Fig.2: No spontaneous preference for the subsequently 'heated' pattern orientation is apparent during the 3x2min preference test (bright yellow bars). During the following 4 minutes of training (orange bars) the flies switch off the heat for about 83% of the time. Already after this short training period, they continue for the next two minutes to avoid the pattern that previously was combined with the heat (first yellow bar). After another 4 min training period, a solid learning effect is obvious from the continuous preference for the flight direction towards the 'non-heated' pattern (last four yellow bars).
The block diagram in the upper part of the figure depicts the operant training (and test) paradigm.
For simplification, in the following figures (except Figs.5 and 7) the PI's for preference test, training and learning tests are summarized to only give one bar each.
Fig.3: In the lower left diagram, 4 minutes of operant training (master experiment; orange bar) are followed by 4 min of learning test (yellow bar). In the right diagram, heat and flight directions of the master experiment are replayed to 16 other, unexperienced flies (dark red bar) which then are tested in the same way as their predecessors. Whereas learning is indicated from the positive PI in the left diagram, no learning appears after the replay training. Since both groups of flies are trained with exactly the same stimulation procedures, the different result must be due to the only difference between the two training paradigms: In the right one the fly has no control of the stimuli. Thus, during master training in closed loop, the flies obviously learn from the consequences of their own behaviour (= operant learning).
Fig.4: The mutant mushroom body miniature (mbm1) and, as control, Wildtype Canton S were tested in the operant paradigm. Both of them, mbm1 as well as Canton S, show positive learning after the operant training. Even flies, whose mushroombodies are ablated using the Hydroxy-Urea method (HU; deBelle and Heisenberg, 1994), do not have a significant reduction in operant avoidance and learning if compared with the respective WT (Berlin) controls. In the experimental animals brains are inspected post mortem. Only animals without MBs are included in the behavioural data. From both results: mbm1 and HU, it is evident, that the MBs are not involved in this learning task.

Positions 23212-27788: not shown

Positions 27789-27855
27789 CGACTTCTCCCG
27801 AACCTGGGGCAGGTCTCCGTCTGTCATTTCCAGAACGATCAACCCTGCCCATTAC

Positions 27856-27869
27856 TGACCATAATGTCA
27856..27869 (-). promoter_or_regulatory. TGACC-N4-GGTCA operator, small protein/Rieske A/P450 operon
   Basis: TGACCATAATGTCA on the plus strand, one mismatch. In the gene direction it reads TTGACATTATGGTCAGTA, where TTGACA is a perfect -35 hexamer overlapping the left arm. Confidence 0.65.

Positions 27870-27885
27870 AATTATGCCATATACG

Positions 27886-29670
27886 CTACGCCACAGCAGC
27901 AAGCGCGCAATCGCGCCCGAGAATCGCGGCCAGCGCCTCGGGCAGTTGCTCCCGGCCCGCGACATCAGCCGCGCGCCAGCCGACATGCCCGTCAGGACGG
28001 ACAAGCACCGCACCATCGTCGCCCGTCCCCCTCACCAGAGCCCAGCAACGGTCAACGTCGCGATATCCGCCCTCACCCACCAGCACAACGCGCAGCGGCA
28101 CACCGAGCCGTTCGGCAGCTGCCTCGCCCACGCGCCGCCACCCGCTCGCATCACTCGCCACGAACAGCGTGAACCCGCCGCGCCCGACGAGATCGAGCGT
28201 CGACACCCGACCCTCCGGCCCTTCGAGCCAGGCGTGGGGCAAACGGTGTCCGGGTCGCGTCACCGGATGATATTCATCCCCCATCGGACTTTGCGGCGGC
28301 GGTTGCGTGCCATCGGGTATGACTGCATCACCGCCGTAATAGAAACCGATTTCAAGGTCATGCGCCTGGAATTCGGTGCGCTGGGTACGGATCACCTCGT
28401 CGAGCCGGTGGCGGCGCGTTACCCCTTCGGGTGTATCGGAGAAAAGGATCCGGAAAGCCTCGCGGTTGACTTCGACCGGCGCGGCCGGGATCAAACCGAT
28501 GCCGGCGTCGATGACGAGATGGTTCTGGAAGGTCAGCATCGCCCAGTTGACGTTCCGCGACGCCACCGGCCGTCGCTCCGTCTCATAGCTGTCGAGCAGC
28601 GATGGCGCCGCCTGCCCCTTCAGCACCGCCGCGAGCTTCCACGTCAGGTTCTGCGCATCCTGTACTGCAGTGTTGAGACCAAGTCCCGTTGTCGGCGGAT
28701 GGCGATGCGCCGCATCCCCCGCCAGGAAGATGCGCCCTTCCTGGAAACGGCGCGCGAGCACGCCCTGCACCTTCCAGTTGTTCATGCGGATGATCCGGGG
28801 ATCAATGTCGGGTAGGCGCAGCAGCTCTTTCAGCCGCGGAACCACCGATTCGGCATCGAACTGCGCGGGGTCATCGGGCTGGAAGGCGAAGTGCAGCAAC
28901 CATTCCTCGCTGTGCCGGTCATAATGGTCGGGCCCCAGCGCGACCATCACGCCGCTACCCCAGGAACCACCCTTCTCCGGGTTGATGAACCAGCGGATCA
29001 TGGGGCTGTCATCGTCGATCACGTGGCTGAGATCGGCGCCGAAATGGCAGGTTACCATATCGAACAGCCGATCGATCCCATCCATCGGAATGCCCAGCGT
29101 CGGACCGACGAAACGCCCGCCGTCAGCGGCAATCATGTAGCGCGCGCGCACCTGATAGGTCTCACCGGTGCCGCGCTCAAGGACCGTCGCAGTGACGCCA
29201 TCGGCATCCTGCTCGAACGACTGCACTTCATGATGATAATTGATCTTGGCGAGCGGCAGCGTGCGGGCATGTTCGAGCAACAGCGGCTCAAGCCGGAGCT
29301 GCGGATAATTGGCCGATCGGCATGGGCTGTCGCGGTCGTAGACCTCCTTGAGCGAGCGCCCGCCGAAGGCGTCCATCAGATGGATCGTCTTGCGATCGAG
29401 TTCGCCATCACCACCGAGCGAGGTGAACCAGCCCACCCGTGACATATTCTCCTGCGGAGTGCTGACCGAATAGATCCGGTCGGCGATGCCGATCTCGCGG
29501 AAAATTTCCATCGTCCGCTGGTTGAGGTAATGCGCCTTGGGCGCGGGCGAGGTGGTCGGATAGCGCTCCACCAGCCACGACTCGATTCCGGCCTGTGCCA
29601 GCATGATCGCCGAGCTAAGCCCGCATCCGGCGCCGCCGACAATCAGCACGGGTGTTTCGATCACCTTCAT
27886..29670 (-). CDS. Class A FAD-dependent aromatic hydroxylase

Fig.5: Classical conditioning paradigm (see also in summary). After a preceeding preference test of 4 minutes, the flight simulator is switched to open loop conditions with one of the patterns kept stationarily in front of the fly. Every 3 seconds, the computer program switches the panorama to the next pattern position (+ or -90° in 220ms). With one of the patterns the heat is on and with the other it is off. This procedure is repeated periodically during the whole training period of 4 minutes. During Test (closed loop), PI is evaluated as defined above, except that th and tc indicate the time during which flight is directed towards a narrow sector of ±3° around the center positions of the patterns. In contrast to the (also classical) replay training, with this procedure normal and HU-flies learn to avoid the 'hot' patterns.
Fig.6: The biochemical learning mutants dnc1 and rut1 do not learn after operant training (control: Canton S). For further details and conclusions see summary.
Fig.7: Any motion can be eliminated during training if light is turned off while pattern positions are switched. For further details and conclusions see summary.
Heisenberg, M., Borst, A., Wagner, S. and Byers, D. (1985): Drosophila mushroom body mutants are deficient in olfactory learning. J. Neurogenet. 2: 1-30
deBelle, J.S. and Heisenberg, M. (1994): Associative Odor Learning in Drosophila Abolished by Chemical Ablation of Mushroom Bodies. Science 263: 692-695
Davis, R.L. (1993): Mushroom bodies and Drosophila learning. Neuron 11: 1-14
Wolf R, Heisenberg, M. (1991) Basic organization of operant behavior as revealed in Drosophila flight orientation. J Comp Physiol A 169: 699-705